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The Schwaketenbad, a new aquatic center designed by Behnisch Architekten in the German city of Konstanz near the Swiss border, is intended to appeal to a wide variety of visitors. The indoor complex is geared toward families, school groups, competitive swimming clubs, and recreational users. Replacing a 1980s facility that burned down in 2015, the Schwaketenbad has an expansive program, with two six-lane, 25-meter-long pools, dedicated pools for swim instruction and diving, and a wading pool for those who don’t swim at all. It has areas for splashing about, such as a water playground with an adjacent toddler pool, and two water slides that snake out and back into the building. It even has spa-like amenities: a warm-water pool, a steam bath, and a “sauna” room heated by infrared light.


Schwaketenbad is located on the forest-flanked outskirts of Konstanz, a small city in Baden-Württemberg located on the banks of Germany’s largest lake. Photo © David Matthiessen


One of two 25-meter-long lap pools at the sprawling facility. Photo © David Matthiessen

This all adds up to nearly 110,000 square feet, making it the largest indoor leisure pool in any of the towns surrounding Lake Constance (or, in German, the Bodensee). Given the facility’s sheer size, the key challenge was creating a structure with a relatable scale and spatial interest. “We did not want to make a big chunk of a building,” says Alexander Seib, project leader at Behnisch’s Stuttgart office. So, instead of arranging the many elements—which were to be all on one level for accessibility—as a single monolithic volume, the architects sheltered them under three contiguous roofs of slightly different shapes, sizes, and heights. The roofs are “siblings that speak the same language, but each has its own unique characteristics,” explains Seib.


The building’s glazed facades establishe a connection between the indoors and the lush surroundings. Photo © David Matthiessen

The long, side-by-side roofs, supported by steel columns and hidden trusses, have subtle folds and creases that serve to define the Schwaketenbad’s various zones, without interfering with its sense of openness. Clerestory windows between the roofs let the sun angle in, while generously glazed facades (all triple-glazed) provide views of the verdant site at the edge of the city near the Schwaketen and Mainauwald forests.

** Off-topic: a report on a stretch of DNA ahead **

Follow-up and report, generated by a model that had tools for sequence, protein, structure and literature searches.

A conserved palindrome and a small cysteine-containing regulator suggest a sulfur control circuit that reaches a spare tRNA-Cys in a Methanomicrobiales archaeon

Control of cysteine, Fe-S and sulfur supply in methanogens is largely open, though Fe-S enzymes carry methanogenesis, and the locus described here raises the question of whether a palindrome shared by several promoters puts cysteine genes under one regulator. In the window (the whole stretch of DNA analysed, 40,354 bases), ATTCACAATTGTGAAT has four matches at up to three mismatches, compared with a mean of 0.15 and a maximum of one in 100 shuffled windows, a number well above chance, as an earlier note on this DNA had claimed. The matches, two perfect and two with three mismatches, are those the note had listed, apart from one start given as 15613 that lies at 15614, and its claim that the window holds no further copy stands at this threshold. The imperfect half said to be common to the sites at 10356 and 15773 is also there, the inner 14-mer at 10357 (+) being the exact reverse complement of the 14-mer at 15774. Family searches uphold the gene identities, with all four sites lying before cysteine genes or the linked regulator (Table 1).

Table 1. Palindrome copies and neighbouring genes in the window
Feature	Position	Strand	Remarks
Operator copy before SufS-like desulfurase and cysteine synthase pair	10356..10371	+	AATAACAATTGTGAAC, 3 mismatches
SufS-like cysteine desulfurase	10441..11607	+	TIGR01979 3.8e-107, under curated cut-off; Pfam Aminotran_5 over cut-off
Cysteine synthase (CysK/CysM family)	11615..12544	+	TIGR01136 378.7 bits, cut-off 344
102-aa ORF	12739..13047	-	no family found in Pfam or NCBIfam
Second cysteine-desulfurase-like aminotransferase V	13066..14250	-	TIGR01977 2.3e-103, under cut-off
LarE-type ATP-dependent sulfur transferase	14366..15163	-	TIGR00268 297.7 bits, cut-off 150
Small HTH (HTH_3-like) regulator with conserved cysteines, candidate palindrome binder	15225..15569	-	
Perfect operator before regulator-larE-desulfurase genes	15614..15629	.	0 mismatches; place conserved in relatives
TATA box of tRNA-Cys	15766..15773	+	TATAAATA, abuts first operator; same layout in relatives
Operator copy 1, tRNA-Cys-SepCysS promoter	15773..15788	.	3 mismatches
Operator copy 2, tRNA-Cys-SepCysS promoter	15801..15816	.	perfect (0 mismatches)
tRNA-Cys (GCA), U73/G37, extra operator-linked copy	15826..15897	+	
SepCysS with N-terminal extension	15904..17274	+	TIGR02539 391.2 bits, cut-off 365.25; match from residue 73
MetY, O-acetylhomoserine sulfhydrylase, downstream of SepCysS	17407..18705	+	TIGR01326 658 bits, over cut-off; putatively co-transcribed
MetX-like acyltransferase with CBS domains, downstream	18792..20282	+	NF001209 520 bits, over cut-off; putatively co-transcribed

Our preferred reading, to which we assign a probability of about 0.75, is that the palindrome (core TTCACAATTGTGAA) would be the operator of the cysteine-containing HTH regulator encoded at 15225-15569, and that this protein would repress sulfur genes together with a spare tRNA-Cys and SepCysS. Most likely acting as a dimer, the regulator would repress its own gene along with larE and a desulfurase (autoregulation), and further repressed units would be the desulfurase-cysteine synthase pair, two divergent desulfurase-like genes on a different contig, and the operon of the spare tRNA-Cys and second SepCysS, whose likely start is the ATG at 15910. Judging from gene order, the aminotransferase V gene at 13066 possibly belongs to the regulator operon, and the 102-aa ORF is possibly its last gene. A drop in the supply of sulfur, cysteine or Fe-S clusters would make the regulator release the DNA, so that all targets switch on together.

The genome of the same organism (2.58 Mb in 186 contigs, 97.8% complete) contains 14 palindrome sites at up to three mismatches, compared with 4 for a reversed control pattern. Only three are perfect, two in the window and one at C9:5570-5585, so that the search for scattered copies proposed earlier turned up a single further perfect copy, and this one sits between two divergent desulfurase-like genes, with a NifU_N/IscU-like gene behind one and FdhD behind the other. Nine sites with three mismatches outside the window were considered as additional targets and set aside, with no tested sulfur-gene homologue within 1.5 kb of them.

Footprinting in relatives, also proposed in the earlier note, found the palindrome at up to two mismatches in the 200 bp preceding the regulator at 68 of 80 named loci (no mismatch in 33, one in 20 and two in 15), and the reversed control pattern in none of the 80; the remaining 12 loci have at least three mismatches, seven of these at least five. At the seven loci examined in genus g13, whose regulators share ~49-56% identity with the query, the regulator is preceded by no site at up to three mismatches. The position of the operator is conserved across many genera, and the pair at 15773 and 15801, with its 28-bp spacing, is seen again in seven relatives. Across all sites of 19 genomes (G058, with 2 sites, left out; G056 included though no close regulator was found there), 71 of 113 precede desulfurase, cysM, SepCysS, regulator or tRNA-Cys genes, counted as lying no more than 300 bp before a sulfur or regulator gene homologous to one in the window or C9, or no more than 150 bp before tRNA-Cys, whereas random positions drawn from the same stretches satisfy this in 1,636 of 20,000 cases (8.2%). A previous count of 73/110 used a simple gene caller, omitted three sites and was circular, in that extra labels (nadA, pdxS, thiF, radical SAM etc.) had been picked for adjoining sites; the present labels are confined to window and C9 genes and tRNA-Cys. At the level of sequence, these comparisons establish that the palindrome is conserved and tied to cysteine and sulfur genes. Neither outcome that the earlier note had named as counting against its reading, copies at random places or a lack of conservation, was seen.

Within, the material palette is mostly muted, creating a connection to the surrounding landscape: the ceiling’s canting surfaces are clad with untreated spruce ribs, while the floor tile is primarily beige. There are, however, occasional bright pops, including yellow fountains in the play area, red tiled benches, and blue tiled floors and walls for the pools, the latter lending the water a pleasing deep turquoise hue, points out Seib.

Indoor swimming facilities are typically an energy-intensive building type. To reduce the Schwaketenbad’s environmental footprint, the project team has taken numerous steps, covering much of the roof in photovoltaic panels, for instance. They have also satisfied the heating load primarily with a combined heat-and-power system, supplementing that with heat captured from wastewater from the showers and the pools. Combined, these strategies save an estimated 171 metric tons of carbon each year compared with a typical indoor pool complex, according to the architects.







Tile detail (1,2); changing area (3). Photos © David Matthiessen

The building is most notable, however, for its ingenious sculptural solution. With a few deft moves, Behnisch has created a spatially engaging and welcoming building well-suited to the varied aquatic pursuits of users of different ages and abilities. At the Schwakentenbad, one can train for serious competition, splash around with the kids, or have a relaxing schvitz in the steam bath.

floor plan schwakentenbad.

Floor plan (click to enlarge). Image courtesy Behnisch Arkitekten